Although there are no formal educational requirements to become a glazier, high school math courses are considered useful. On the job, trainees often start with basic tasks such as carrying glass and cleaning up debris in glass shops. By working with experienced glaziers, trainees eventually acquire the skills of a fully qualified glazier. After several months, trainees start making their first cuts on discarded glass. Later, they may begin cutting glass and helping experienced workers on simple installation jobs.
Some glaziers learn their trade through a three-year apprenticeship. On the job, they learn to use the tools and equipment of the trade; handle, measure, cut, and install glass and metal framing; cut and fit moldings; and install and balance glass doors. Technical training includes instruction in glass and installation techniques as well as basic mathematics, blueprint reading and sketching, general construction techniques, safety practices, and first aid.
After completing an apprenticeship program, glaziers are considered to be journey workers who may do tasks on their own.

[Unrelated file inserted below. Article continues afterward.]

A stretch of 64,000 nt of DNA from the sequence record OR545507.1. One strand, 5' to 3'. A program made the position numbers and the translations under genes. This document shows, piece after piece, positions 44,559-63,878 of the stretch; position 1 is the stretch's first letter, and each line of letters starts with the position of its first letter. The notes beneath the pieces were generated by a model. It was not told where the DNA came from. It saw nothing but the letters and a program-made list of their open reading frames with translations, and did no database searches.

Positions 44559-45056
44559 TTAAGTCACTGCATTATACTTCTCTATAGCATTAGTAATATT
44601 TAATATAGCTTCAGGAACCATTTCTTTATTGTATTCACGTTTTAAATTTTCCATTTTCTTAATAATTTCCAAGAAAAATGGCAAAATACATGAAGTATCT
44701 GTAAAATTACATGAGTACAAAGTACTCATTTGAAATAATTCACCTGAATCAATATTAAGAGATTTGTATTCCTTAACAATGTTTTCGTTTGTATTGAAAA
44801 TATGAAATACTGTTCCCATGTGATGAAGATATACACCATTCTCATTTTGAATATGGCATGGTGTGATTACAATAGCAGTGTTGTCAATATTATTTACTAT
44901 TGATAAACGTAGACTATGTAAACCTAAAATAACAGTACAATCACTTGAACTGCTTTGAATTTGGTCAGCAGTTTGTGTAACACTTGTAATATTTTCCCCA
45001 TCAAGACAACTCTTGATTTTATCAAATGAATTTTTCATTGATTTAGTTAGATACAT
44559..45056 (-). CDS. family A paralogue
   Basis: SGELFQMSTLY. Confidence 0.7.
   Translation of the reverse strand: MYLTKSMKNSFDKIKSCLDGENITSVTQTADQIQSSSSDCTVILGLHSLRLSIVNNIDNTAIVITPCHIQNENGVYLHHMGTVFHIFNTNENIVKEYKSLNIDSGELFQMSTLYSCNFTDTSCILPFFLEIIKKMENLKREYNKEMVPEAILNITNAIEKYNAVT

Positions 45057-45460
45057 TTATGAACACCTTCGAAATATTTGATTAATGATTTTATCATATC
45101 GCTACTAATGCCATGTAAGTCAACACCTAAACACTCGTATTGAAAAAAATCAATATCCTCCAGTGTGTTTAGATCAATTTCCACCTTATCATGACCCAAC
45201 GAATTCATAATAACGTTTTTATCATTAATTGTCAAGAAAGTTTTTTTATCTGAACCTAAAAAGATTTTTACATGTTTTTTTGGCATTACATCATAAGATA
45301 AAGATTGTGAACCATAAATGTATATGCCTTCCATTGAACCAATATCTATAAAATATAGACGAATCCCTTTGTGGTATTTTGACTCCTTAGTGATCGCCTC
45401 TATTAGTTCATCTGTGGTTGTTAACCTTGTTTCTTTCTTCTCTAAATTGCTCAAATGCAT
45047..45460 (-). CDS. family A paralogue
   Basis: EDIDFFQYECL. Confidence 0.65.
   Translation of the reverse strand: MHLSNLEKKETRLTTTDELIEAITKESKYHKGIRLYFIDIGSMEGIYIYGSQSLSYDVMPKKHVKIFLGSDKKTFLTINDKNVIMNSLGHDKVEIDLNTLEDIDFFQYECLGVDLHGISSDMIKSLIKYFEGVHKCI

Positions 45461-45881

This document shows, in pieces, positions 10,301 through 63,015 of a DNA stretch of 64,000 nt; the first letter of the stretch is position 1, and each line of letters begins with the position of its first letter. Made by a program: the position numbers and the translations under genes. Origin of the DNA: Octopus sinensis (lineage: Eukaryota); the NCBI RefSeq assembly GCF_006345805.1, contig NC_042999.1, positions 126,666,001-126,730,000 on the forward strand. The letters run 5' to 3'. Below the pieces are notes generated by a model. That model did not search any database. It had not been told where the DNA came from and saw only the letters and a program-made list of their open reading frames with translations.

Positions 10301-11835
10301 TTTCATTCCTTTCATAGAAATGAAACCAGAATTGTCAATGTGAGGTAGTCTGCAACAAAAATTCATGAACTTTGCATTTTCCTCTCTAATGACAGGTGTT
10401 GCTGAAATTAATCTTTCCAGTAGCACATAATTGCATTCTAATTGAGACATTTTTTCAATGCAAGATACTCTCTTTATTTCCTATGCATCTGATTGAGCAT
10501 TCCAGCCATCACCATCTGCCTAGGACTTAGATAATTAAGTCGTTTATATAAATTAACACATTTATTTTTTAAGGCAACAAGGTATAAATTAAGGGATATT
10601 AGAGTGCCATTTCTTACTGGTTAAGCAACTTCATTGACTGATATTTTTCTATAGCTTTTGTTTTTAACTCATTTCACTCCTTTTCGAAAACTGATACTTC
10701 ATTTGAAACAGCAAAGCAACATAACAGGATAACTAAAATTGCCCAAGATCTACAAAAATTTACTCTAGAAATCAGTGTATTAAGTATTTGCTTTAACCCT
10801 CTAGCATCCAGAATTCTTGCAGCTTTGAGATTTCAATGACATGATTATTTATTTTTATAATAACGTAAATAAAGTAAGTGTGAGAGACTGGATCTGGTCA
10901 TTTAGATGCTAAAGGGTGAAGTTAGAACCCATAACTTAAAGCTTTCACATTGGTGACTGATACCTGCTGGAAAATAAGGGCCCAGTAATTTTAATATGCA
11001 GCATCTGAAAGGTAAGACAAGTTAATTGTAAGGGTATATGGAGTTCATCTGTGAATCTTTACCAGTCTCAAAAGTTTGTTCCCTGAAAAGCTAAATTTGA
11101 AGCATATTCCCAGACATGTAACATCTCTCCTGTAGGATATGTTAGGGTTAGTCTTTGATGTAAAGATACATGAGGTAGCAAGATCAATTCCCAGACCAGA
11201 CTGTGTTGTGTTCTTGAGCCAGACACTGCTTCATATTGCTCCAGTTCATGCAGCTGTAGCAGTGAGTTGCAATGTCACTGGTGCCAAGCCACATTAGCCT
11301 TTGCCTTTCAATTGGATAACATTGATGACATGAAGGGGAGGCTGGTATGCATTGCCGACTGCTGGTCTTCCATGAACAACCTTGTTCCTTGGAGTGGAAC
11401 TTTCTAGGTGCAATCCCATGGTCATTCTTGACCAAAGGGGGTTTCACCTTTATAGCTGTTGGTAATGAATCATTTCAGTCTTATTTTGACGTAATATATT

What are Glaziers like?
Based on our pool of users, glaziers tend to be predominately investigative people.
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Glaziers by Strongest Interest Archetype
Based on sample of 39 Sokanu users
Are Glaziers happy?
among the least happy
careers. Overall they rank in the 5th percentile of careers for satisfaction scores.
Glazier Career Satisfaction by Dimension
Percentile among all careers
Education History of Glaziers
The most common degree held by glaziers is History.
5% of glaziers had a degree in history before becoming glaziers. That is over 2 times the average across all careers.
Glazier Education History
This table shows which degrees people earn before becoming a Glazier, compared to how often those degrees are obtained by people who earn at least one post secondary degree.